Dr. Jill Biden, Second Lady of the United States, knows first-hand the difficulties faced by some community college students. As a professor with more than 20 years of teaching experience in community college classrooms, she has encountered students with heartbreaking and inspirational stories time and time again.
She shared some of those stories with community college leaders at the annual Achieving the Dream National Reform Network conference in Baltimore on Friday. Her address was the final session of the conference and helped highlight the strengths of community colleges.
Biden said she once met a student at her community college through the Women’s Mentoring Project who, as it turned out, arrived at the college only after escaping an abusive relationship and living in a car with her two young children. Her story ended happily—she transferred to a four-year college and obtained a bachelor’s degree in accounting, allowing her to better support her family.
That student’s success, Biden said, is why community colleges are vital.
“That is what community college is all about. Community colleges do not pick and choose their students. We work with all students to help them become who they aspire to be,” Biden said.
Community colleges have the power to almost completely transform students’ lives, she said.
“Many of my students have doubts when they first arrive at college. I’m sure you’ve seen that. They’re unsure of their future, unaware of the possibilities they possess. Then, two years later, those same students proudly accept their diplomas knowing that they have achieved something that no one can ever take away from them,” Biden said.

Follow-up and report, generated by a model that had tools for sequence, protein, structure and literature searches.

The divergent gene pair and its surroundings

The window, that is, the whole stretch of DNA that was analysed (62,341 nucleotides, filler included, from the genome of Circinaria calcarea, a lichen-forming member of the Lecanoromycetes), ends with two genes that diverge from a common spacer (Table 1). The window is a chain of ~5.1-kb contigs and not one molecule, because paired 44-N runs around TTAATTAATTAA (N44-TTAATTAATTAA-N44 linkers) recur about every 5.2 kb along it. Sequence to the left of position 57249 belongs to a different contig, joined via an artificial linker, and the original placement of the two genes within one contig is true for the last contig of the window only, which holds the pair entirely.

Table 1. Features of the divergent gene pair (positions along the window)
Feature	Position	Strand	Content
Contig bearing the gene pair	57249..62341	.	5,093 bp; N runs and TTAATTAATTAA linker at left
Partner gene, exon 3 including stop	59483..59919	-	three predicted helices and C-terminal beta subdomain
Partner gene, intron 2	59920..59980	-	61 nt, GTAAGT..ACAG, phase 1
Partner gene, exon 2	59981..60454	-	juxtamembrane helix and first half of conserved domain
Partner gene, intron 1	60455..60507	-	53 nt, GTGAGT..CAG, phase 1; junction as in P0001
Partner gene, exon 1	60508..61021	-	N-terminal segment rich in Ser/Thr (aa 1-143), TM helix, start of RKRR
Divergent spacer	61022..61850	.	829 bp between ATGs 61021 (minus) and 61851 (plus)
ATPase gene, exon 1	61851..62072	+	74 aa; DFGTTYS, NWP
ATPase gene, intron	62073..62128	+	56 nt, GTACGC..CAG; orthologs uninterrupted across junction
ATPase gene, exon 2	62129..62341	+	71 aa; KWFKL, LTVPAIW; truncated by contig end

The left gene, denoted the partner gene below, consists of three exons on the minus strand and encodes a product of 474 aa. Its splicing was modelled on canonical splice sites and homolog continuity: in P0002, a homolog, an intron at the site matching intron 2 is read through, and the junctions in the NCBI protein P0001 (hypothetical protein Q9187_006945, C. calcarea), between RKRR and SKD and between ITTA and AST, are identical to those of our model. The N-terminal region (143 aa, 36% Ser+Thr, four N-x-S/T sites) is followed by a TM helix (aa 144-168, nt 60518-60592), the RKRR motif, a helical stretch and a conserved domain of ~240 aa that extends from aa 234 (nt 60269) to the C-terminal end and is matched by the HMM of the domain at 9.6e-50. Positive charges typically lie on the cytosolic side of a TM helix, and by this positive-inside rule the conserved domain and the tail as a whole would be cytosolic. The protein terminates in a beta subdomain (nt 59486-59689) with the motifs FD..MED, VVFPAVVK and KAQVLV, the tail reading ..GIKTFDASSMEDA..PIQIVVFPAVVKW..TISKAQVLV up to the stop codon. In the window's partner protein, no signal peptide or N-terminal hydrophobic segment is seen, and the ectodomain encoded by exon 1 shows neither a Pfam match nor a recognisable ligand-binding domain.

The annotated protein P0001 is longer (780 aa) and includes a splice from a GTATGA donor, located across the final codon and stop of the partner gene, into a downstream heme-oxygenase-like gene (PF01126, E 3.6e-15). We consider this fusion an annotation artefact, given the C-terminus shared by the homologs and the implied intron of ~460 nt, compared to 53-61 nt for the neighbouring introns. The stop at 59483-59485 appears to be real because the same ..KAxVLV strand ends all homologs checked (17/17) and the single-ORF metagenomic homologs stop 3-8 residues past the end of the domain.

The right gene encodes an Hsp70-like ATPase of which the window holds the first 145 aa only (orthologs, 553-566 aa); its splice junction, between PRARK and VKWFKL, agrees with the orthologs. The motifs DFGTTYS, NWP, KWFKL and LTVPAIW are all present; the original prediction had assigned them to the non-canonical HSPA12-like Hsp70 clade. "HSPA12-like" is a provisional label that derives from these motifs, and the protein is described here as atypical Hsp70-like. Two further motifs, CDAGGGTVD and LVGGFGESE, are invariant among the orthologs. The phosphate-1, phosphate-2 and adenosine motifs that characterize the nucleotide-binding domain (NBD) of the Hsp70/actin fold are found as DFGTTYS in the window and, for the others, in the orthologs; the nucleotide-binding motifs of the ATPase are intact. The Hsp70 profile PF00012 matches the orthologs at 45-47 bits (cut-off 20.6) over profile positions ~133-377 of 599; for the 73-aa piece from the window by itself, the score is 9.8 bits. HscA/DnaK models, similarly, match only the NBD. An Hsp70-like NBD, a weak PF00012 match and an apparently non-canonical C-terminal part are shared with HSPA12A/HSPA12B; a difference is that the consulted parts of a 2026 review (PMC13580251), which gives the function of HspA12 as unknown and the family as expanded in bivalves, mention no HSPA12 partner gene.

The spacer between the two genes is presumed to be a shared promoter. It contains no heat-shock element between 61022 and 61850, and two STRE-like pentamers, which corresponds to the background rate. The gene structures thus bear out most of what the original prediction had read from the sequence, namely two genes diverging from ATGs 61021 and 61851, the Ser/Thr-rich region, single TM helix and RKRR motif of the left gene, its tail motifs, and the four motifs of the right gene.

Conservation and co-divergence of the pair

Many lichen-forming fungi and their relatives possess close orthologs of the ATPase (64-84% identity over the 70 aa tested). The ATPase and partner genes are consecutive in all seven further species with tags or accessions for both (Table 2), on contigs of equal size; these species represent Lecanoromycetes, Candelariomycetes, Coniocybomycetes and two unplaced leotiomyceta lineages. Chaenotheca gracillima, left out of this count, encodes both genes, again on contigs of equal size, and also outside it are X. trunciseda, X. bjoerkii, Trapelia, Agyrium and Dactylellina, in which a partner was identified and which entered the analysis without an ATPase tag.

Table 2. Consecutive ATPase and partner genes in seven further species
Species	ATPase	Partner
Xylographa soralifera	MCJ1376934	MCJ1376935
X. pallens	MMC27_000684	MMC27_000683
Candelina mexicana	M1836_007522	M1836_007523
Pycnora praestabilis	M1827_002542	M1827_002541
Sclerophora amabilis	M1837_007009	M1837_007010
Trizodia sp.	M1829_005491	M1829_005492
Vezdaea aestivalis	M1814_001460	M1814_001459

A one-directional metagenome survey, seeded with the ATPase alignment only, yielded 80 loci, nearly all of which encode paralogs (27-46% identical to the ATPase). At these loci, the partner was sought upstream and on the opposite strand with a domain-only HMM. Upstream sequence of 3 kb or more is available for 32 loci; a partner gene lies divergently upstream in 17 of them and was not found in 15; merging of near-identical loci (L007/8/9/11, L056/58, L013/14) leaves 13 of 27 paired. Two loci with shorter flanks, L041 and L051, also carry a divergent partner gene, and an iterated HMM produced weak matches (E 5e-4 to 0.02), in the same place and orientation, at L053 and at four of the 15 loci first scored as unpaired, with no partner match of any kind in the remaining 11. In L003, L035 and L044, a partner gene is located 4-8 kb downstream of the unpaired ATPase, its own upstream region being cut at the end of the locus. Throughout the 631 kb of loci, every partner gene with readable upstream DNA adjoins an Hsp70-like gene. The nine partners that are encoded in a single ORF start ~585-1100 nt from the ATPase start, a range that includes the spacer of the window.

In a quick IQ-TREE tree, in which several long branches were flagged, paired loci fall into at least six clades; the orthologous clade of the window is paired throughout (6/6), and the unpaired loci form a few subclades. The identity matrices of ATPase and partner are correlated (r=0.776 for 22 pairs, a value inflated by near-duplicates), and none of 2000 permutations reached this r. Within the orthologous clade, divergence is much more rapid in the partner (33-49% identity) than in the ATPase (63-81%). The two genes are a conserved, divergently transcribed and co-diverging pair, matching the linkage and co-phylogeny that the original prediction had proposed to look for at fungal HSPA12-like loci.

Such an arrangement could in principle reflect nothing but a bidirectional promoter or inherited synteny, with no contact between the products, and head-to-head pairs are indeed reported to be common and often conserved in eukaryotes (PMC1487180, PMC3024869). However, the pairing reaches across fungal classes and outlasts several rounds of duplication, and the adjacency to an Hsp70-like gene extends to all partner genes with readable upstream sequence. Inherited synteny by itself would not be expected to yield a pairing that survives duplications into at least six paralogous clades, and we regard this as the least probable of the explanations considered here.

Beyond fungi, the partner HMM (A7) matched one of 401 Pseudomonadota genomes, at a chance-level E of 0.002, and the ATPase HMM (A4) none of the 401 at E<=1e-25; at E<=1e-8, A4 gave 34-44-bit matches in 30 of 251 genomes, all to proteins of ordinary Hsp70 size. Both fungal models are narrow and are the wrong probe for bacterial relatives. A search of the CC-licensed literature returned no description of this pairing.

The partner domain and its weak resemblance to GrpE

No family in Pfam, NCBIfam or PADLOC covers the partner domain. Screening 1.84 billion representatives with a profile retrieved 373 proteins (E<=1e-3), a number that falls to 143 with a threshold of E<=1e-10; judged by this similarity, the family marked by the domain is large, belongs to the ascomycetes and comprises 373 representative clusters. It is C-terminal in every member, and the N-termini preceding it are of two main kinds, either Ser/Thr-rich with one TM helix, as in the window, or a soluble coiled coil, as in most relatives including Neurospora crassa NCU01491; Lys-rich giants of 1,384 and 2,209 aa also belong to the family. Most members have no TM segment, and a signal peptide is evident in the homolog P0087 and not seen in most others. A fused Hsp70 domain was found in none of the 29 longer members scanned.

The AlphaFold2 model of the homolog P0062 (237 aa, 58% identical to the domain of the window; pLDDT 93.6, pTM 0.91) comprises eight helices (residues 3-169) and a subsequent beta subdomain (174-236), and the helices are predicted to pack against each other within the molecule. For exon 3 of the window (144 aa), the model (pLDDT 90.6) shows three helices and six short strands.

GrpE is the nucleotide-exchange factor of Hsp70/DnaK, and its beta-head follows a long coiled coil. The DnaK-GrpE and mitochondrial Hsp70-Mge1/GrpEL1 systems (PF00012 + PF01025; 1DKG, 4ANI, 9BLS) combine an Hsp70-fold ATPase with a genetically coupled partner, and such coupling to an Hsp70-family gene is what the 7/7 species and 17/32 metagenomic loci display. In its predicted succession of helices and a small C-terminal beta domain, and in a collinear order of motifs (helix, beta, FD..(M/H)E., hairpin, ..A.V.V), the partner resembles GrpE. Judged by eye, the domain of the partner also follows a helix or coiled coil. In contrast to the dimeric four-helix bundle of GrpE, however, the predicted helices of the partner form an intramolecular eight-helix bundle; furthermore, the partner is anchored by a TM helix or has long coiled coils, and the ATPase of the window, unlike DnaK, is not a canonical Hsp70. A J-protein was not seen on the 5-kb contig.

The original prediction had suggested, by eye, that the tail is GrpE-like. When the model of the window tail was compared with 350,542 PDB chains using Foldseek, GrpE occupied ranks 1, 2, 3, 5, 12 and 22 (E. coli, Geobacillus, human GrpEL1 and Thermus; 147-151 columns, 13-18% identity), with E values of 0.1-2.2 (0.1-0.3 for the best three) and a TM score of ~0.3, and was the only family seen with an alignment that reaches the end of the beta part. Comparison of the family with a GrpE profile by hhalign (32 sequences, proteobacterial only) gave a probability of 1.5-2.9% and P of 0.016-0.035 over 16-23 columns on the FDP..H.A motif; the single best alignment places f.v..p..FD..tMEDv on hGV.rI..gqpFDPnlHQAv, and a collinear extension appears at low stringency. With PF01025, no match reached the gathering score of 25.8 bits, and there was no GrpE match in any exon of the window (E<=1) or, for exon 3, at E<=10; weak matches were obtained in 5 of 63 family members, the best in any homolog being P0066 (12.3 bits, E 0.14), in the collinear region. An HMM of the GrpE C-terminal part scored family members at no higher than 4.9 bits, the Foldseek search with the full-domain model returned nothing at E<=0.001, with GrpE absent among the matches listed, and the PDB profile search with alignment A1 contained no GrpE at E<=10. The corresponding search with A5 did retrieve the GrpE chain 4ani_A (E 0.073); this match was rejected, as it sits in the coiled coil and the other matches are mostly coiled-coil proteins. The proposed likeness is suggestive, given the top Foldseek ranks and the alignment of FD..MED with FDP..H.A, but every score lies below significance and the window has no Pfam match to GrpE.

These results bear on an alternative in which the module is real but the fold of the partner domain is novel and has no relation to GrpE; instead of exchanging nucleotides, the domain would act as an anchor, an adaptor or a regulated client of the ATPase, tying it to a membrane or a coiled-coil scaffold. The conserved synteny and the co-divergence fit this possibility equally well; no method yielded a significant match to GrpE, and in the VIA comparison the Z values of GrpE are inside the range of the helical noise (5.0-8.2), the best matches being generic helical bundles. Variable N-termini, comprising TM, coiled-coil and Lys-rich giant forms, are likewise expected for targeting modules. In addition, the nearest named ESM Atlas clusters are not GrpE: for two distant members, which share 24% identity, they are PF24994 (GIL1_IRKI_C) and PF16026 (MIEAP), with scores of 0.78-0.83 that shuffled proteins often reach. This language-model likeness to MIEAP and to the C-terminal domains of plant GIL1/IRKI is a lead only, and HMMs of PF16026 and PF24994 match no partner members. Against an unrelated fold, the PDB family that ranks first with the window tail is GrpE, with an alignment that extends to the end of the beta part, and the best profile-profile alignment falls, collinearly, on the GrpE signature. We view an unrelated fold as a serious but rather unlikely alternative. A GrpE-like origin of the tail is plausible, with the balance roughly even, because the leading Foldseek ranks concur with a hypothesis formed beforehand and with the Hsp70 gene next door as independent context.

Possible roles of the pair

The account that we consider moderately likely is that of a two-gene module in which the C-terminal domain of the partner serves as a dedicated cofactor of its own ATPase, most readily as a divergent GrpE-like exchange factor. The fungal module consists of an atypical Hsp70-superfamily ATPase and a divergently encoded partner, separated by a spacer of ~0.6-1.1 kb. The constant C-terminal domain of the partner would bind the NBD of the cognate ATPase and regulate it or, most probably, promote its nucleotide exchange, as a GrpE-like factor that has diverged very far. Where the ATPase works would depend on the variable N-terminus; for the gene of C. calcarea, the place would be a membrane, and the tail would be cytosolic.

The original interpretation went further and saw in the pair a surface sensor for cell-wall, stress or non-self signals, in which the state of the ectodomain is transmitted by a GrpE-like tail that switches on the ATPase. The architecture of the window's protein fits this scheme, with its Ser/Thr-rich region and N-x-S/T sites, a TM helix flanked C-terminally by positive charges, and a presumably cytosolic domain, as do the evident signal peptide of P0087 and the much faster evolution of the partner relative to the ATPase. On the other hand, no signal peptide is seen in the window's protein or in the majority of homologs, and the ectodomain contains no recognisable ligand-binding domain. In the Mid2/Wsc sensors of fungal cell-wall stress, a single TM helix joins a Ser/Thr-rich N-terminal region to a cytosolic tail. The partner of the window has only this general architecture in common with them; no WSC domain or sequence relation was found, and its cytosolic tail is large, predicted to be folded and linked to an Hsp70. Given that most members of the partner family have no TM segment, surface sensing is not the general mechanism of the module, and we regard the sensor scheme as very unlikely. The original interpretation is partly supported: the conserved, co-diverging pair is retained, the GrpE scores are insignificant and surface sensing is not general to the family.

Although there has been an almost unprecedented amount of interest in community college of late, following President Obama’s proposal of free community college, Biden reminded the crowd that the current administration signaled its commitment to community college and higher education even in the depths of the recession.
“We increased the dollar amount of Pell grants, as well as the numbers of students who apply to college. We increased tuition tax credits, let students cap their federal loan payments at 10 percent of their income, and streamlined the financial aid process,” she said.
Biden’s remarks were preceded by comments from six community college students. Their paths to college were circuitous—some overcame jail sentences, addiction, or never finished high school. One woman was an undocumented immigrant. All agreed that, without community college, they may never have found their path to a degree.
They stressed that they are not the only students who have had to overcome substantial odds to get to where they are.
“I just want you to know that … a lot of things go on [in] students’ [lives], especially community college students. They have to work … And, as I see [with] my friends, they are very burdened with their family issues,” said Heejeon Kim, a student at Richland College in Dallas, Texas.
Their stories underscored the fact that many community college students are “nontraditional” and, as such, need different kinds of support than their peers who come to college straight out of high school and are able to devote all their time to pursuing a degree.
Rhiannon Donaldson said that she dropped out of high school but had found her academic passion at Lone Star College in Dallas, Texas. “I didn’t know I had potential before I got to college,” she said.
Staff writer Catherine Morris can be reached at firstname.lastname@example.org.